The ultimate judges of whether your application performs
well are the application’s users. Developers can measure application
performance in terms of how much time certain operations take to
run, or how many instances of objects are created. However, those
metrics aren’t important to end users. Sometimes users measure performance
by different criteria. For example, does the application operate
quickly and smoothly, and respond quickly to input? Does it have
a negative affect on the performance of the system? Ask yourself
the following questions, which are tests of perceived performance:
Are animations smooth or choppy?
Does video content look smooth or choppy?
Do audio clips play continuously, or do they pause and resume?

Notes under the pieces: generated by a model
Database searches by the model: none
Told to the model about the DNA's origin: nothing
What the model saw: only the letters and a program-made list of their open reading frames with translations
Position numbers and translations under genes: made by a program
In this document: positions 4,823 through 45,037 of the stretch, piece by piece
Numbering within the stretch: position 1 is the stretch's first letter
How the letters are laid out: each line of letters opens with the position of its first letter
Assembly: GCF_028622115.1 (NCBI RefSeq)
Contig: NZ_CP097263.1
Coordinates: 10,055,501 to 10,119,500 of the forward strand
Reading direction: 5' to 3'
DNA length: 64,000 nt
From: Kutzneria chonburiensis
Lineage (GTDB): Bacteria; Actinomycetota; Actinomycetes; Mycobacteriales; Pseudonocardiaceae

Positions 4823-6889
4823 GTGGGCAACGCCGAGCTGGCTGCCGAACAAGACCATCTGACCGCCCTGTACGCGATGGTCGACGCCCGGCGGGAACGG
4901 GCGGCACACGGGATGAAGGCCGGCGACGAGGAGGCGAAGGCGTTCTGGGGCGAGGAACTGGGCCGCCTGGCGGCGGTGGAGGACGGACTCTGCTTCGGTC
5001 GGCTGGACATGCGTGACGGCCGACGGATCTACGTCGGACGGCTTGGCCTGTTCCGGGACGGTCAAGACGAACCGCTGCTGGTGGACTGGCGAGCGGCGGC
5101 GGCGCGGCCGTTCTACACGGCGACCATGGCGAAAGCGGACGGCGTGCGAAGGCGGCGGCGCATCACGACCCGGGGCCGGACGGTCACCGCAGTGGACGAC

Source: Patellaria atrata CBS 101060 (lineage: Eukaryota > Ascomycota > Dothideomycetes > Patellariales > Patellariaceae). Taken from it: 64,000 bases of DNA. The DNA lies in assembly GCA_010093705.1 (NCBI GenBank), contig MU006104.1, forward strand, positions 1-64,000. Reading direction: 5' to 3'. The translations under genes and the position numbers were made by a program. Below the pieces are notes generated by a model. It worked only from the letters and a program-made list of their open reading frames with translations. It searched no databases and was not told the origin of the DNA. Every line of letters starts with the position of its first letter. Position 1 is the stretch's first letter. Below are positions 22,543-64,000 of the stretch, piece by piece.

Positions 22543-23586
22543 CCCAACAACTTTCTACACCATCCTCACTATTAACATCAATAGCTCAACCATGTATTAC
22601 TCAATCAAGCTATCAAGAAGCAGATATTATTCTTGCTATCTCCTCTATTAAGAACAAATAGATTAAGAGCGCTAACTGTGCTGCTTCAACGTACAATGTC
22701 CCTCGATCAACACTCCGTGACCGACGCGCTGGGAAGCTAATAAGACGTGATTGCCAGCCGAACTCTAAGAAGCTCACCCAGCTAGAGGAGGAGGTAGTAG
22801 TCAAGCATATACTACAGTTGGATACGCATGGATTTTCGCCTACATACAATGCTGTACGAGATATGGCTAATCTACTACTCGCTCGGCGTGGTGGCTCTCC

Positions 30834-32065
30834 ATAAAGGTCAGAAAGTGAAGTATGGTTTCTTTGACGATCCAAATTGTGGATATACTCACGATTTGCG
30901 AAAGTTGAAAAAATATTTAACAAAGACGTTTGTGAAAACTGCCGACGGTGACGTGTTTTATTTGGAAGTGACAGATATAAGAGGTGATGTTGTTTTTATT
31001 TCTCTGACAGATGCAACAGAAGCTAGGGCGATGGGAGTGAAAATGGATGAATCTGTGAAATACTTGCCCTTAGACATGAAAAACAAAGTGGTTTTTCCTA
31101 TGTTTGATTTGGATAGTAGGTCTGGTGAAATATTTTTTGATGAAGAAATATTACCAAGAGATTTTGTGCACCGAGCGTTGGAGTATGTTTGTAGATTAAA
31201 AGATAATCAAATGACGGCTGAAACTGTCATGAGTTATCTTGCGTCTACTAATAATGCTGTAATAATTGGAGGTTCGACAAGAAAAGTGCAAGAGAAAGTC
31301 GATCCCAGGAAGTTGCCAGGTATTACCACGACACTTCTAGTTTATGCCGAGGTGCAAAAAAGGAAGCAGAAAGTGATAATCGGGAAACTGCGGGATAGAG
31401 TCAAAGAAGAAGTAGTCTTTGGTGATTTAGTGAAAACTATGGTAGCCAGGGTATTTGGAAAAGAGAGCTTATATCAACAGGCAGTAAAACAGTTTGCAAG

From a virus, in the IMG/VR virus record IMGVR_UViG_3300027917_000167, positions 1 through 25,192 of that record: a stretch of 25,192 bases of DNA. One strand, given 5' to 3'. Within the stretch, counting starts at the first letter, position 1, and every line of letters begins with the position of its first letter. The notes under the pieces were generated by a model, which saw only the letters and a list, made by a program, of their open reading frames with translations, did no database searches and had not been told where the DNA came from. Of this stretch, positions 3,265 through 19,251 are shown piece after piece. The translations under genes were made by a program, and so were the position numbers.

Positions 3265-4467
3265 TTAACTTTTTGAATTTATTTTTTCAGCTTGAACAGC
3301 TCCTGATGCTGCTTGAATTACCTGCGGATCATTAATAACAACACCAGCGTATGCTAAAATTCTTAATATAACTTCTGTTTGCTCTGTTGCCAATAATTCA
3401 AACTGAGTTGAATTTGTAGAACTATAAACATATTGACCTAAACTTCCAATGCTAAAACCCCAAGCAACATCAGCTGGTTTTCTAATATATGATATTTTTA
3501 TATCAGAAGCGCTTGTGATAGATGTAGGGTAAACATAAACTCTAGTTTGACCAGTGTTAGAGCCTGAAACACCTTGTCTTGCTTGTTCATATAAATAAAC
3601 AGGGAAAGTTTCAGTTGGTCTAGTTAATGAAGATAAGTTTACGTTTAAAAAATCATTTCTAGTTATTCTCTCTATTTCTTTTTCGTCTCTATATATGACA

Does the window flicker or turn blank during long operations?
When you type, does the text input keep up or lag behind?
If you click, does something happen immediately, or is there
Does the CPU fan get louder when the application runs?
On a laptop computer or mobile device, does the battery deplete
quickly while running the application?
Do other applications respond poorly when the application
The distinction between perceived performance and actual performance
is important. The way to achieve the best perceived performance
isn’t always the same as the way to get the absolute fastest performance.
Make sure that your application never executes so much code that
the runtime isn’t able to frequently update the screen and gather
user input. In some cases, achieving this balance involves dividing
up a program task into parts so that, between parts, the runtime
updates the screen. (See
for specific guidance.)
The tips and techniques described here target improvements in
both actual code execution performance and in how users perceive